Hugues Chenet, UCL Institute for Sustainable Resources
Jonathan Michie, University of Oxford
Gerhard Kling, University of Aberdeen
Stephany J. Griffith-Jones, Columbia University
Peter Sweatman, Chief Executive of Climate Strategy & Partners
Paul Ellis, Ecology Building Society
Jay Cullen, University of York & University of Oslo
Thibault Laurentjoye, Robert de Sorbon Foundation
Peter Holbrook, Social Enterprise UK
Ozlem Onaran, Greenwich University
Felix FitzRoy, University of St. Andrews
Nikos Paltalidis, Durham University
Rick van der Ploeg, University of Oxford
Alfredo Saad Filho, King’s College London
Mary-Ann Stephenson, Women’s Budget Group
Richard Murphy, University of Sheffield and Tax Research UK
Mathew Lawrence, Common Wealth
Will Stronge, Autonomy
Livio Di Matteo, Lakehead University
Luke Hildyard, High Pay Centre
Rebecca Willis, Lancaster University
David Tyfield, Lancaster University
Theodora Hadjimichael, Responsible Finance
Paul Gambles, MBMG Group
Michael Grubb, UCL Institute of Sustainable Resources
Daniel Bailey, Manchester Metropolitan University
Johan Frijns, BankTrack
Andy Denis, City, University of London
Bert Scholtens, University of Saint Andrews and University of Groningen
Phil Haynes, University of Brighton
Malcolm Sawyer, Emeritus Professor of Economics, University of Leeds
Kate Bayliss, SOAS, University of London
Simon Mair, University of Bradford
John Sloman, University of Bristol
Cem Oyvat, University of Greenwich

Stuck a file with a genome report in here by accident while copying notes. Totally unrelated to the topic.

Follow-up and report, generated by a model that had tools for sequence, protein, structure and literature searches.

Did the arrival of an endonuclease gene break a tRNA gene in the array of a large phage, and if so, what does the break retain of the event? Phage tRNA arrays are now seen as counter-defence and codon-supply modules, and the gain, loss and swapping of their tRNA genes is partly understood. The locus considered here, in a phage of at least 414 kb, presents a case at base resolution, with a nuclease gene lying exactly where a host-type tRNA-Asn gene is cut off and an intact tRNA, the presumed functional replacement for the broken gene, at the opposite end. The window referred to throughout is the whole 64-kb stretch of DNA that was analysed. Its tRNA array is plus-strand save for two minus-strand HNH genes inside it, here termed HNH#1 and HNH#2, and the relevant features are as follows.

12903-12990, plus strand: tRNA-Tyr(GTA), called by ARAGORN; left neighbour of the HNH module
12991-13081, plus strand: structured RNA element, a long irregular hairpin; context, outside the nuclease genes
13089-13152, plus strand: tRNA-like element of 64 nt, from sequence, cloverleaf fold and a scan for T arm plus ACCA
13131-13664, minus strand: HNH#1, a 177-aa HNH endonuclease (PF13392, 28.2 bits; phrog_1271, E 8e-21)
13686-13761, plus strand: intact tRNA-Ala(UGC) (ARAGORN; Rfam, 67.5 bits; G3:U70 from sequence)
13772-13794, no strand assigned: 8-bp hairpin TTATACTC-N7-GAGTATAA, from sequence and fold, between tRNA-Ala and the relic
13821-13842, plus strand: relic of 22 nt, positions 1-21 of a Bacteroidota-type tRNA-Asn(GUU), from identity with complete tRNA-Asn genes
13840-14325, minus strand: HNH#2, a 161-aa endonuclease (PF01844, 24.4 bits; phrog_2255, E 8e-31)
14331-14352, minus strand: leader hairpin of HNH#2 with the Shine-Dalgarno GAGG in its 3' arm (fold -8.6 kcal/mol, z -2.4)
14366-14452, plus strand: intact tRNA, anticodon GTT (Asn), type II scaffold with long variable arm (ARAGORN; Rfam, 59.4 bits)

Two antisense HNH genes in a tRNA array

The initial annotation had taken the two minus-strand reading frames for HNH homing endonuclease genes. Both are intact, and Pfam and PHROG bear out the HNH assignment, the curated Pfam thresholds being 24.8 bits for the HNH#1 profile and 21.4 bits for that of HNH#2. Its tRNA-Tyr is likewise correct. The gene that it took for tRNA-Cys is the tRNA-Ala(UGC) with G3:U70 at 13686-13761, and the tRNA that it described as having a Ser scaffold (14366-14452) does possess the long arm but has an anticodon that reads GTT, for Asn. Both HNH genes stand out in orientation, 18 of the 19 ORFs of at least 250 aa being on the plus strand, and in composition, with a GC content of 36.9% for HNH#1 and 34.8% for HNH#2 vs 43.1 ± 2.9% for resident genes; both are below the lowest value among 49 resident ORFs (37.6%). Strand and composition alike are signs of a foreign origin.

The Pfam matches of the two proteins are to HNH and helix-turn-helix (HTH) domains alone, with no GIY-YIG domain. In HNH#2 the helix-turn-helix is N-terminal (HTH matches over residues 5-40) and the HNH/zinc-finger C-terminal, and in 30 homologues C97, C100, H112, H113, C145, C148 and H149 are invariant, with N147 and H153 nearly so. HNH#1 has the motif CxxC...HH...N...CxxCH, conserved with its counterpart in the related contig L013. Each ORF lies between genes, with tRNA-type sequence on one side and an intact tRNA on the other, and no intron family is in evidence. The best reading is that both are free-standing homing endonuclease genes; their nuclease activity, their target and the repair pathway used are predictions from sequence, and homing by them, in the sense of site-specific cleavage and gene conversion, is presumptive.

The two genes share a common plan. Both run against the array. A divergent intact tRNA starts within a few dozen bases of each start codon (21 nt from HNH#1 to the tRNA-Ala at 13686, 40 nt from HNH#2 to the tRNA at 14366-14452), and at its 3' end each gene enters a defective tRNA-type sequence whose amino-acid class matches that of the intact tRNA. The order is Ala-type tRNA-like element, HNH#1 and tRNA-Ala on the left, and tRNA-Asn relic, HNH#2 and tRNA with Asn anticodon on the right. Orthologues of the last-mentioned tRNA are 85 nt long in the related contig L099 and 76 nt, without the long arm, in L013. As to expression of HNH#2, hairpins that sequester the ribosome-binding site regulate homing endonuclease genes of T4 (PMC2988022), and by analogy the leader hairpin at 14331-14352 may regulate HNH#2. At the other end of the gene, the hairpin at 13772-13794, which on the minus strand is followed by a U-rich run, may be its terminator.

Daniele Tori, The Open University Business School
Joscha Wullweber, University of Witten/Herdecke
Robyn Owen, Middlesex University
Ewa Karwowski, University of Hertfordshire
Hector Pollitt, Cambridge Econometrics
Ian Vickers, Middlesex University
Robert Palmer, Tax Justice UK
Hanna Szymborska, Birmingham City University
Antoine Godin, Université Sorbonne Paris Nord
Theresia Harrer, Middlesex University
Andrew Jackson, University of Surrey
Elisa Van Waeyenberge, SOAS University of London
Andrew Sayer, Lancaster University
Muhammad Ali Nasir, University of Huddersfield
Maggie Rae, UK Faculty of Public Health
Benjamin K. Sovacool, University of Sussex
Beth Stratford, fellow at New Economics Foundation
Fergus Lyon, Middlesex University
Andrew Tylecote, University of Sheffield
Laurence Harris, SOAS, University of London
Eurydice Fotopoulou, Goldsmiths, University of London
Jamie Morgan, Professor of Economics, Leeds Beckett University
Florian Botte, Université du Littoral Côte d’Opale